Funny Family Laws Still on the Books

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Did you ever find yourself shaking your head at some ridiculous laws still on the books? I know I have. I know that there are many silly laws still in effect for criminal offenses. But I didn’t know that family law is guilty of the same thing. Here are some funny family laws to consider the next time you’re in court.


Ahh…Vermont. Peaceful country lanes, maple syrup, and dentures? Apparently, in Vermont wives must get permission from their husbands if they would like dentures. Unwilling to take this one on its face, I just had to find the actual case that caused this to become a law.

This law is actually based on a contract for dentures. Since the wife was considered an agent of the husband at that time, he was liable for the dentures. He allowed her to keep them and therefore he owed the dentist the money for the work. According to the court at this time, “the plaintiff (dentist), from the previous dealings which he had had with the defendant (husband), had reason to believe that the wife was authorized to contract for the plate.” Gilman v. Andrus, 28 Vt. 241 (1856). Due to this case, the major expense of dentures, and a lack of authority on the wife’s part to enter into a contract without the husband’s knowledge, this little piece of weird history was created. Thankfully, women now have autonomy and their own bank accounts now. Whew!

Kentucky According to Woman's Day Magazine, a law in Kentucky forbids a woman from marrying the same man more than three times. While I did try to find the basis for this law, I was unsuccessful. Apparently, it became law around the time that Elizabeth Taylor and Richard Burton were very popular. I suppose the Kentucky legislature was worried they would see an increase in divorces and remarriages around this time!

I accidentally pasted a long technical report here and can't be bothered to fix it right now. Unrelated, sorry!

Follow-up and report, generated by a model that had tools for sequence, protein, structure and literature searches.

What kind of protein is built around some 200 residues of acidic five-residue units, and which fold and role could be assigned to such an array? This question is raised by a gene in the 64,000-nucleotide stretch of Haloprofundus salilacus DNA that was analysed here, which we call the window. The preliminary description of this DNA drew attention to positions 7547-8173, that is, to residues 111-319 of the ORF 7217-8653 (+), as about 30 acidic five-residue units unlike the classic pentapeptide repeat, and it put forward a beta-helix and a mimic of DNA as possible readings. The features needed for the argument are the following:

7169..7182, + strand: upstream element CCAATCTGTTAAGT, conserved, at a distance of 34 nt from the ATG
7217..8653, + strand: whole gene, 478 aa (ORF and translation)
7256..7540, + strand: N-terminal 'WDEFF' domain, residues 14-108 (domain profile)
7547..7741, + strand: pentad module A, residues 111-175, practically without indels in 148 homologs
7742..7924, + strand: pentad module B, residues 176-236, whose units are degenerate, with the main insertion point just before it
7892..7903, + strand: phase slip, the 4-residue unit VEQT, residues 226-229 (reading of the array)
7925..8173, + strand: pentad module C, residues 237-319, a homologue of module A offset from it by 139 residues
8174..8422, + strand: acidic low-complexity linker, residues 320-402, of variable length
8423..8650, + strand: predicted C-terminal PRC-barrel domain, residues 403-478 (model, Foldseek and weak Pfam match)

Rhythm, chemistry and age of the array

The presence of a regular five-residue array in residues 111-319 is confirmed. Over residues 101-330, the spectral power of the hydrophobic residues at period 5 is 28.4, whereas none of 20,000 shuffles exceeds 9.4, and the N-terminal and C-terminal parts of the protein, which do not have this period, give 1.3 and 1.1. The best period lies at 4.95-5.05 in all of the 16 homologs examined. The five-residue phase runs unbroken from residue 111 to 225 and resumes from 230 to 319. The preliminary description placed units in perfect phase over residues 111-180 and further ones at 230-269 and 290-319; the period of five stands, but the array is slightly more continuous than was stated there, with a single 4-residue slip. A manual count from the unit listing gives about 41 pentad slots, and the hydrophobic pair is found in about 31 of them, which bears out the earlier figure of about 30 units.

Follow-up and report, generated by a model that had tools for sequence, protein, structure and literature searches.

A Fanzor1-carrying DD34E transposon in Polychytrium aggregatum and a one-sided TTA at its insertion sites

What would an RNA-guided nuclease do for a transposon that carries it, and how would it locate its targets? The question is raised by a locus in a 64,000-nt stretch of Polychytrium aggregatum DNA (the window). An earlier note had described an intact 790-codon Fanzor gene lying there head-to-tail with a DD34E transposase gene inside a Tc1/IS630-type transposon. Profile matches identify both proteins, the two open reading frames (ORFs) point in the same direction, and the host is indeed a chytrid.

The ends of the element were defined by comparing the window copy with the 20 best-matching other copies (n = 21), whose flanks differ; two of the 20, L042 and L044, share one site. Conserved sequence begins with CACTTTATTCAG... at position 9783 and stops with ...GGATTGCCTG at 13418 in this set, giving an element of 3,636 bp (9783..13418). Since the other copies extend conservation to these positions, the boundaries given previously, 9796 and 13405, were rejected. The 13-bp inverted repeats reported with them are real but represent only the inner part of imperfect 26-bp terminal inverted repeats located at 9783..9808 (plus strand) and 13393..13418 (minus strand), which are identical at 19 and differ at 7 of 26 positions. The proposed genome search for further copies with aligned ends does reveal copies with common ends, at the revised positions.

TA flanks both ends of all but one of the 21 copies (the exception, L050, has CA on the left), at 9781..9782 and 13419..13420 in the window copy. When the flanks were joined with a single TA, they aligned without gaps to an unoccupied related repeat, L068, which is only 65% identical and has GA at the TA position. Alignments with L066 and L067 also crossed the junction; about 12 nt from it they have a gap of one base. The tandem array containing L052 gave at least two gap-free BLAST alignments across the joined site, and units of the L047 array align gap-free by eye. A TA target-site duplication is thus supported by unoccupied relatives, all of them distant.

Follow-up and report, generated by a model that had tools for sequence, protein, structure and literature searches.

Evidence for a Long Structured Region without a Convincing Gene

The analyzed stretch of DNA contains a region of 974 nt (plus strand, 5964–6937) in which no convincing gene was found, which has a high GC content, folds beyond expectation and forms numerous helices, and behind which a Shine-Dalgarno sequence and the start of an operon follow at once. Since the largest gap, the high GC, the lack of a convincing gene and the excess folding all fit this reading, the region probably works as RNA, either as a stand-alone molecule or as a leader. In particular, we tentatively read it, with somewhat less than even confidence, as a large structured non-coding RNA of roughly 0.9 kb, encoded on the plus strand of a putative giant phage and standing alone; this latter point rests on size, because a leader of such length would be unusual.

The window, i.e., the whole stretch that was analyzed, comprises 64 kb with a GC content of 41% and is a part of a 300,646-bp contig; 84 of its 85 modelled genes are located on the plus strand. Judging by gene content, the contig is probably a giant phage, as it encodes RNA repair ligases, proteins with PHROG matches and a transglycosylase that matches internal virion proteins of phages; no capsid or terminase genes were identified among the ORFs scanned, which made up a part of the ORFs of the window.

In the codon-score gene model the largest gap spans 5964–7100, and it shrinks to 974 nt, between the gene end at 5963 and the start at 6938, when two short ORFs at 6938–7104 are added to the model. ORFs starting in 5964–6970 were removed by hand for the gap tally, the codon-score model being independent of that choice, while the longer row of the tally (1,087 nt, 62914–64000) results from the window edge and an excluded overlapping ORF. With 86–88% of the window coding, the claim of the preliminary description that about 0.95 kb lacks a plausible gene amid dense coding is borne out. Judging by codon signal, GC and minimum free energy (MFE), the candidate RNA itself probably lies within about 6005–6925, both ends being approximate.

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Love is…sharing your passwords. But not in Tennessee. Passed in 2011, the Tennessee Login Law made it a crime to share passwords with friends and family members. And while it was created to protect against hackers, it can easily affect you.

Charges equal to stealing under $500.00 are considered a misdemeanor punishable by up to a year in jail and a $2,500 fine. Charges over $500.00 are considered a felony with serious fines and jail time. With these kinds of charges, you better make sure the person you are sharing with really, really loves you.


When Nebraska comes to mind, most people think of farms, clear horizons, buffalo, and fields of tall grass. But in family law, what should come to mind is sexually transmitted diseases.

In Nebraska, state law prohibits anyone with any kind of venereal disease from marrying another person. And while this may sound a bit strange to you, consider these facts. The average age of marriage in Nebraska is 26 for women and 28 for men. And while nationally Nebraska has one of the lowest STD transmission rates, they have had a 364% increase in cases of syphilis from 2017-2021. The law exists to protect people from unknowingly marrying someone with an STD, but it is nearly unenforceable. It has been challenged in case law many times. In 1944, in the case Christensen v. Christensen, 144 Neb. 763, 14 N.W.2d 613 (1944), the court found that when you knowingly have an STD and enter into marriage you may not 1) seek an annulment and 2) the other party may make the marriage voidable. That is because “the marriage is valid, even though [the] license was wrongfully obtained.” Baker v. Baker, 112 Neb. 738, 200 N.W. 1003 (1924). Although this is a very old law still on the books, it seems that this one may just stick around.

While these laws are a bit strange, they aren’t the only ones out there. If you know of any strange family law still on the books, be sure to reach out to us through social media. We love to hear from our fans. Find us on all social media platforms @birdlawpro

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